- XXXV.: Beowulf Tells of Past Feuds, and Bids Farewell to His Fellows. He Falls On the Worm, and the Battle of Them Begins.
- XXXVI.: Wiglaf Son of Weohstan Goes to the Help of Beowulf: NÆgling, Beowulf’s Sword, Is Broken On the Worm.
- XXXVII.: They Two Slay the Worm. Beowulf Is Wounded Deadly: He Biddeth Wiglaf Bear Out the Treasure.
- XXXVIII.: Beowulf Beholdeth the Treasure and Passeth Away.
- XXXIX.: Wiglaf Casteth Shame On Those Fleers.
- Xl.: Wiglaf Sendeth Tiding to the Host: the Words of the Messenger.
- Xli.: More Words of the Messenger. How He Fears the Swedes When They Wot of Beowulf Dead.
- Xlii.: They Go to Look On the Field of Deed.
- Xliii.: of the Burial of Beowulf.
BEOWULF AND THE GEATS COME INTO HART.
- STONE-DIVERSE the street was, straight uplong the path led
- The warriors together. There shone the war-byrny
- The hard and the hand-lock’d; the ring-iron sheer
- Sang over their war-gear, when they to the hall first
- In their gear the all-fearful had gat them to ganging.
- So then the sea-weary their wide shields set down,
- Their war-rounds the mighty, against the hall’s wall.
- Then bow’d they to bench, and rang there the byrnies,
- The war-weed of warriors, and up-stood the spears,
- The war-gear of the sea-folk all gather’d together,
- The ash-holt grey-headed; that host of the iron
- With weapons was worshipful. There then a proud chief
- Of those lads of the battle speer’d after their line:
- Whence ferry ye then the shields golden-faced,
- The grey sarks therewith, and the helms all bevisor’d,
- And a heap of the war-shafts? Now am I of Hrothgar
- The man and the messenger: ne’er saw I of aliens
- So many of men more might-like of mood.
- I ween that for pride-sake, no wise for wrack-wending
- But for high might of mind, ye to Hrothgar have sought.
- Unto him then the heart-hardy answer’d and spake,
- The proud earl of the Weders the word gave aback,
- The hardy neath helm: Now of Hygelac are we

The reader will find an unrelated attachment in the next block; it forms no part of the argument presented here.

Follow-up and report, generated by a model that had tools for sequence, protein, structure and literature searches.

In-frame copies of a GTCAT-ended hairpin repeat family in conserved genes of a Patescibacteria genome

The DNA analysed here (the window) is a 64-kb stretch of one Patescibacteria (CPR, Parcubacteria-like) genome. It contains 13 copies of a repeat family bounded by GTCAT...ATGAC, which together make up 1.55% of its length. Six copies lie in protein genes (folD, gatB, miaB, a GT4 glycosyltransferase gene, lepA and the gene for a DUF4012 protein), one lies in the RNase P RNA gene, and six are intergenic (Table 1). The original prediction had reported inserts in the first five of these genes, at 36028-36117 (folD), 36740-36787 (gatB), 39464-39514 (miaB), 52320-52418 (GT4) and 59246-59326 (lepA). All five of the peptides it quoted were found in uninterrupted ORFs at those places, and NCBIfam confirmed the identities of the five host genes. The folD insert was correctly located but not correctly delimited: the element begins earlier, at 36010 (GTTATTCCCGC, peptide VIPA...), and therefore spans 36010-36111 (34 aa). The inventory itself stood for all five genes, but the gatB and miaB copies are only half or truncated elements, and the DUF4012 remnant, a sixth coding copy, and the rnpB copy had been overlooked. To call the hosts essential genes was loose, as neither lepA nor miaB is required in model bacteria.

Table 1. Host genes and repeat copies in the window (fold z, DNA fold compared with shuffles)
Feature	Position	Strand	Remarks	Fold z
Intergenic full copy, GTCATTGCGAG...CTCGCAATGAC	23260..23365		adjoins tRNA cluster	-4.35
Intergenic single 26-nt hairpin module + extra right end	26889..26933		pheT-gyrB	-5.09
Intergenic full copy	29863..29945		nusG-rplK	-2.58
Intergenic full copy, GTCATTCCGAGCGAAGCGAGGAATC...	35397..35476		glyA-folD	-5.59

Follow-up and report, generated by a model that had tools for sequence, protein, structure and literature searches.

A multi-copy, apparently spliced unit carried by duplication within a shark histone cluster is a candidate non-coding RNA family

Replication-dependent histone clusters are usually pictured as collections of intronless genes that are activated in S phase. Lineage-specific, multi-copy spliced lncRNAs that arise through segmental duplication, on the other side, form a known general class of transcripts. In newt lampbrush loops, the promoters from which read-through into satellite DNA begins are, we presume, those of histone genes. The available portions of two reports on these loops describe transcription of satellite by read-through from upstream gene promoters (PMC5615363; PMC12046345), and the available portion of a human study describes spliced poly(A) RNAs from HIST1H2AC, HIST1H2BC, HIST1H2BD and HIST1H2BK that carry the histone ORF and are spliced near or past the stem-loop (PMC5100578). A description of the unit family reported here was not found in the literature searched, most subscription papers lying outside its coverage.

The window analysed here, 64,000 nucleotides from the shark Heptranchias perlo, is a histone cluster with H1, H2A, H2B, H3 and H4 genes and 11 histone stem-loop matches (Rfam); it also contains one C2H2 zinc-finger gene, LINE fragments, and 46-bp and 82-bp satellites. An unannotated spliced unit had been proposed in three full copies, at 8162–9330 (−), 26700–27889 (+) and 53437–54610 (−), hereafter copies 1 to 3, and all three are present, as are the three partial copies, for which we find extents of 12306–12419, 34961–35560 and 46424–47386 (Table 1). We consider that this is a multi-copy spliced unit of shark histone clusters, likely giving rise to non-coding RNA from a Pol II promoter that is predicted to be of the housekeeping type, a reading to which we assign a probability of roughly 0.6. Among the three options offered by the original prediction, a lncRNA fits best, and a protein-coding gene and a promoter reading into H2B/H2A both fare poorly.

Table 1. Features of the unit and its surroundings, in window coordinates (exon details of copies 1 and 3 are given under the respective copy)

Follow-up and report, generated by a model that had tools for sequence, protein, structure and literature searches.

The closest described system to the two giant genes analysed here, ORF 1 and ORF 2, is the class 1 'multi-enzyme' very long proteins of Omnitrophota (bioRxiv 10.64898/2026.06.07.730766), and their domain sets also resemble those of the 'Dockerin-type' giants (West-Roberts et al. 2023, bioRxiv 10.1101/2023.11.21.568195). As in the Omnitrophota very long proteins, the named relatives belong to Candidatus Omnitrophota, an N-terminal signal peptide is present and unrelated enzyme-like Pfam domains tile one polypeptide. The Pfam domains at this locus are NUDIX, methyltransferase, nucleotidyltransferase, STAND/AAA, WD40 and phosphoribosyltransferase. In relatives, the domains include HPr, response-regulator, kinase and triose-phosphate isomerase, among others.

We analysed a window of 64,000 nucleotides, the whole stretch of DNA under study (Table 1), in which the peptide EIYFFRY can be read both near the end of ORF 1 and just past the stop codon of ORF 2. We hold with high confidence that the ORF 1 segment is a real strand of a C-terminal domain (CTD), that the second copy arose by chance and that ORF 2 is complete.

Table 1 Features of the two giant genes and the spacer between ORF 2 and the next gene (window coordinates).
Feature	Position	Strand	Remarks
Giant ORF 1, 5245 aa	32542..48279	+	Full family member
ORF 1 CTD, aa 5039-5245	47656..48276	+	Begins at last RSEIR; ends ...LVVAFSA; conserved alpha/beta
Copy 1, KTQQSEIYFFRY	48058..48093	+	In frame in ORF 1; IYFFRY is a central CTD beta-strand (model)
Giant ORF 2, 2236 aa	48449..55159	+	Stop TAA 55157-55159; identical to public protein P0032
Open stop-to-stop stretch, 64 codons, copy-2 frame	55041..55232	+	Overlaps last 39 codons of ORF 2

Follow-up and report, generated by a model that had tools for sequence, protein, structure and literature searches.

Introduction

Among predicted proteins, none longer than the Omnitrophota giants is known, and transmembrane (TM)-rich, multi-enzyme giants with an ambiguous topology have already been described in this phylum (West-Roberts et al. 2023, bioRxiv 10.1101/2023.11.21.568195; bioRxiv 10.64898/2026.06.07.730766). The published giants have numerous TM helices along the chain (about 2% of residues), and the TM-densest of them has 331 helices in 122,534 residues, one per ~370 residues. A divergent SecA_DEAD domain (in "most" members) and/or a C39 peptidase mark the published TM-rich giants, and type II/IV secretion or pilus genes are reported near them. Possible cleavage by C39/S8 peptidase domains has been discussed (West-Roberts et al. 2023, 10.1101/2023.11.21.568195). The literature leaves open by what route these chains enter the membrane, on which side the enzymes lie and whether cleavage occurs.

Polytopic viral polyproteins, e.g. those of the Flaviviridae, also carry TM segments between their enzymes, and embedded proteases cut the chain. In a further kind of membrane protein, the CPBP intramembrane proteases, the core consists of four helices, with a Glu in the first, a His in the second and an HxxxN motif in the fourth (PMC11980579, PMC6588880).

- The board-fellows; Beowulf e’en is my name,
- And word will I say unto Healfdene’s son,
- To the mighty, the folk-lord, what errand is mine,
- Yea unto thy lord, if to us he will grant it
- That him, who so good is, anon we may greet.
- Spake Wulfgar the word, a lord of the Wendels,
- And the mood of his heart of a many was kenned,
- His war and his wisdom: I therefore the Danes’ friend
- Will lightly be asking, of the lord of the Scyldings,
- The dealer of rings, since the boon thou art bidding,
- The mighty folk-lord, concerning thine errand,
- And swiftly the answer shall do thee to wit
- Which the good one to give thee aback may deem meetest.
- Then turn’d he in haste to where Hrothgar was sitting
- Right old and all hoary mid the host of his earl-folk:
- Went the valour-stark; stood he the shoulders before
- Of the Dane-lord: well could he the doughty ones’ custom.
- So Wulfgar spake forth to his lord the well-friendly:
- Hither are ferry’d now, come from afar off
- O’er the field of the ocean, a folk of the Geats;
- These men of the battle e’en Beowulf name they
- Their elder and chiefest, and to thee are they bidding
- That they, O dear lord, with thee may be dealing
- In word against word. Now win them no naysay
- Of thy speech again-given, O Hrothgar the gladman:
- For they in their war-gear, methinketh, be worthy
- Of good deeming of earls; and forsooth naught but doughty
- Is he who hath led o’er the warriors hither.